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Sordello et Virgile se jettent dans les bras l’un de l’autre

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CAT 88. Etienne Achille Réveil after John Flaxman. Sordello et Virgile se jettent dans les bras l’un de l’autre. Plate 9 (from canto 6) in Purgatoire du Dante. Paris: Audot, 1833. Melville Memorial Room, Berkshire Athenaeum.

Flaxman’s depiction of The Meeting with Sordello from canto 6 shows Dante standing apart as Virgil and Sordello embrace. Sordello had himself been standing apart, “in high abstracted mood,” until Virgil had indicated he was from “Mantua,” at which word the shade “Rose toward us from the place in which it stood, / And cried, ‘Mantuan!  I am thy countryman, / Sordello.’ Each the other then embraced” (6.63, 72-5). That two men would express “glad cheer” simply for being “countrymen” (6.83) prompts Dante to complete the canto with a torrid invective against all the rulers and institutions that have allowed Italy to fill the state with warring hatred rather than civil harmony.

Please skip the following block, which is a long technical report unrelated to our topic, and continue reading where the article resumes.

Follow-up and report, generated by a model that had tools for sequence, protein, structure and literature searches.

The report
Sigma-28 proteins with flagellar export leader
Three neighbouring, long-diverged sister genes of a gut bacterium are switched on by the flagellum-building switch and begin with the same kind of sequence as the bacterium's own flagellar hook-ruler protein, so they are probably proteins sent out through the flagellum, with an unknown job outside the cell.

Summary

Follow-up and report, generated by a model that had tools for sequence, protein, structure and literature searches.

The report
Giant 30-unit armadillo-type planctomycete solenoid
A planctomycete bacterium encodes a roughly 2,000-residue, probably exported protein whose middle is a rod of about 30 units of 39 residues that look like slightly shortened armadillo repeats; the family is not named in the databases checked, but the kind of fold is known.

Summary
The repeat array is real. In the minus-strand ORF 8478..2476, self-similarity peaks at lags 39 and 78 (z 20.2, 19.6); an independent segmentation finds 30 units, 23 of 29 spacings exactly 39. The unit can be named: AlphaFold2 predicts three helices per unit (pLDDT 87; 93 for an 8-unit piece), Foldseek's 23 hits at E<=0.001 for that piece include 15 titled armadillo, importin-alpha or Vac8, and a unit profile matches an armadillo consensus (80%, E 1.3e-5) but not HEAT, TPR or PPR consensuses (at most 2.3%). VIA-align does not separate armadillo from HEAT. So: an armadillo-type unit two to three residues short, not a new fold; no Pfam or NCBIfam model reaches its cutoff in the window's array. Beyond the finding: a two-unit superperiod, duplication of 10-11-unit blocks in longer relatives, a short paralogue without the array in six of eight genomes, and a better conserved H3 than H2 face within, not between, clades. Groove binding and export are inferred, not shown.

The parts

Flaxman draws Virgil and Sordello so as to show the mutuality of their embrace, yet retaining space between them, one an ancient pagan shade still assigned to limbo, the other a medieval Mantuan on the ascending slope of purgatory. Réveil's engraving of this plate is inattentive to Flaxman’s drawing of Dante’s second foot, which Piroli had more clearly distinguished from the fall of the robe in his engraving.